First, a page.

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Councilmembers Set To Vote On Old Town Transitional Housing Facility For Combat Veterans

At a city council meeting on Tuesday, counclimembers will make the final decision whether to allow a transitional housing facility for combat veterans from Iraq and Afghanistan to be built in Old Town.

The "Aspire Center," a 40-bed facility would be located in the former Thomas Jefferson Law School building and would treat veterans plagued with PTSD or in need of help recovering from traumatic brain injuries.

According to officials from the Veterans Affairs office, veterans will have access to physical, occupational, and vocational therapy as well have access to psychologists and substance abuse counselors.

The proposal, however, was not well-received by some neighbors, among them administrators from the Old Town Academy, a charter school located across the street from the proposed site.

Co-founder of the academy, Christopher Celentino, expressed his opposition at a number of community meetings. At a meeting of the Uptown Planning Group, Celentino worried about potential violence from unstable veterans. "This is an open facility across the street from children who...if there is a problem will not have an opportunity to defend themselves. It is not the right location, across the street from an elementary school," he said.

Nearly two-hundred parents of children attending the academy have stated that they will likely withdraw their children if the Aspire Center is built, likely forcing the closure of the charter school.

Several local community groups also voted against the project, including the Mission Hills Town Council, Five Points/Middletown Business Association, Old Town Chamber of Commerce, and most recently, the Uptown Planners.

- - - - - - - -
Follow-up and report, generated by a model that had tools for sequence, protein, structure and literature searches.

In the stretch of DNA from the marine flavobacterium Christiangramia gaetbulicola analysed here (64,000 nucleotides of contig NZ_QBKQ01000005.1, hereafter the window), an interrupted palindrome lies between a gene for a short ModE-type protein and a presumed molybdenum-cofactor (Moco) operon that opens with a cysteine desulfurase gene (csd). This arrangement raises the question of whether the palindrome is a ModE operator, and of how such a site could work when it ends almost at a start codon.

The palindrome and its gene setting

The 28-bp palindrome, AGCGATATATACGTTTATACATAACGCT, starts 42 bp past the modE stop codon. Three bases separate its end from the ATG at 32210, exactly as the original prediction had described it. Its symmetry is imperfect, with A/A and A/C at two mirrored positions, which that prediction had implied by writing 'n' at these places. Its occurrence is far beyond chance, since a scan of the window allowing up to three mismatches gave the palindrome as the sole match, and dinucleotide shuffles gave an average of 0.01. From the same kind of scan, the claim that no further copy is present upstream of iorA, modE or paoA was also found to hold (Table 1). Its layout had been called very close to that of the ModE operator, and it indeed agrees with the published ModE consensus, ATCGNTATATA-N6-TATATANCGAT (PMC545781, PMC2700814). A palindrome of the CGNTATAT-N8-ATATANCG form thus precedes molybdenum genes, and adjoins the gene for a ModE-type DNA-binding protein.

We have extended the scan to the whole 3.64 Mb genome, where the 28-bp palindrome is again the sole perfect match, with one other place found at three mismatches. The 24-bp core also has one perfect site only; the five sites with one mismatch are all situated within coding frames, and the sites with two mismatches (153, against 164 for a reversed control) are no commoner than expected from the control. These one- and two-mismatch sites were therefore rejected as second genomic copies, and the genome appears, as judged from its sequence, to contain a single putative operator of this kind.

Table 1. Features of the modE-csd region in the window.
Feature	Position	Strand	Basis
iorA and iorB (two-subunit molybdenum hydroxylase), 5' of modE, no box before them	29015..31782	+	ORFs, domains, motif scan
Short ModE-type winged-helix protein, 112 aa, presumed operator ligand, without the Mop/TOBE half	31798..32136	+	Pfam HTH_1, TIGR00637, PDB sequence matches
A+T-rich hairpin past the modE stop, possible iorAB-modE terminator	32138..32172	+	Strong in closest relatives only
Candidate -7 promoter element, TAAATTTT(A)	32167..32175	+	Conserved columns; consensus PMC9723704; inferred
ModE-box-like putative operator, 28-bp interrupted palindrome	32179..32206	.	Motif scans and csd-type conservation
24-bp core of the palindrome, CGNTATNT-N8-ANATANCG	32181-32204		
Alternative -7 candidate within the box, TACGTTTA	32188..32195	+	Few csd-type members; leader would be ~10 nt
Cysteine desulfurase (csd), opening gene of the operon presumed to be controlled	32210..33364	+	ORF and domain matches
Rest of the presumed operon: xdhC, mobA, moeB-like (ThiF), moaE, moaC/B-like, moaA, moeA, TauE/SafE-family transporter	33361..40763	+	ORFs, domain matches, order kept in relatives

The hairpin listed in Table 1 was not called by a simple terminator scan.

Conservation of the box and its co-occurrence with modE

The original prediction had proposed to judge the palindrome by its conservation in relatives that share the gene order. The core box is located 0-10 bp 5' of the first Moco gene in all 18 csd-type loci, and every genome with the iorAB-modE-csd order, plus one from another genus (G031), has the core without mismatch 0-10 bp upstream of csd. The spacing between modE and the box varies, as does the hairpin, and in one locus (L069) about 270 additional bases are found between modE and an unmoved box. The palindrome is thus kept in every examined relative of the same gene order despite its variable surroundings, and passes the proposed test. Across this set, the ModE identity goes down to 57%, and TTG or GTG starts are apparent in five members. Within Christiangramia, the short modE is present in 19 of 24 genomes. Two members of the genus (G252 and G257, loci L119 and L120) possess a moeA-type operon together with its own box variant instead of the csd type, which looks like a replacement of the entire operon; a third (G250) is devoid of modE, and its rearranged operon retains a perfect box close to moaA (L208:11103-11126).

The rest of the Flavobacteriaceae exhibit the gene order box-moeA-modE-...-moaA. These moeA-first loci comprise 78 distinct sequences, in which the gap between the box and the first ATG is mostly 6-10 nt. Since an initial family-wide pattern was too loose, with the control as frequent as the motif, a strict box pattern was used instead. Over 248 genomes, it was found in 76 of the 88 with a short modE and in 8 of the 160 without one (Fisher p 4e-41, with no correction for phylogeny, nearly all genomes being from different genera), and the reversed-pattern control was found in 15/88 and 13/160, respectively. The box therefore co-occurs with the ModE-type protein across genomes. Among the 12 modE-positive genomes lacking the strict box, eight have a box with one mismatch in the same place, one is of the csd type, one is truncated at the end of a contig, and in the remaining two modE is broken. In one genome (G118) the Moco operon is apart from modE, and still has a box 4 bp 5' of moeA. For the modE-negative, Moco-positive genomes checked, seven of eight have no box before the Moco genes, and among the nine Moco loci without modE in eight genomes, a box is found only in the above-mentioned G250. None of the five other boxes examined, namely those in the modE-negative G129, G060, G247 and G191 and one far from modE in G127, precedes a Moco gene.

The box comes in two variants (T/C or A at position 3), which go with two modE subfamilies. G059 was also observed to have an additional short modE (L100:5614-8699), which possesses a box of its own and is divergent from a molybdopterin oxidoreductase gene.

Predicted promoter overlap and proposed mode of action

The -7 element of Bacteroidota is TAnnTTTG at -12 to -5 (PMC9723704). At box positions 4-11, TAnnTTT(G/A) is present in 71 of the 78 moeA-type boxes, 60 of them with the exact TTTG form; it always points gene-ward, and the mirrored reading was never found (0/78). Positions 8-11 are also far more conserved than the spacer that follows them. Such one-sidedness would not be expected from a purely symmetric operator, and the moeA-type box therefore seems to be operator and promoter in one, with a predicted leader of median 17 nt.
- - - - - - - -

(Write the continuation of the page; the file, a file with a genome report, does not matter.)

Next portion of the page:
During Tuesday's council hearing, councilmembers will first consider a last ditch effort from Cynthia Morgan, the lawyer for the Old Town Academy, to overturn an environmental exemption. After that item, if the appeal is rejected, councilmembers will vote whether to grant a conditional use permit. If that occurs the Veterans Affairs office will move forward with the proposal.

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At a city council meeting on Tuesday, counclimembers will make the final decision whether to allow a transitional housing facility for combat veterans from Iraq and Afghanistan to be built in Old Town.

The "Aspire Center," a 40-bed facility would be located in the former Thomas Jefferson Law School building and would treat veterans plagued with PTSD or in need of help recovering from traumatic brain injuries.

According to officials from the Veterans Affairs office, veterans will have access to physical, occupational, and vocational therapy as well have access to psychologists and substance abuse counselors.

The proposal, however, was not well-received by some neighbors, among them administrators from the Old Town Academy, a charter school located across the street from the proposed site.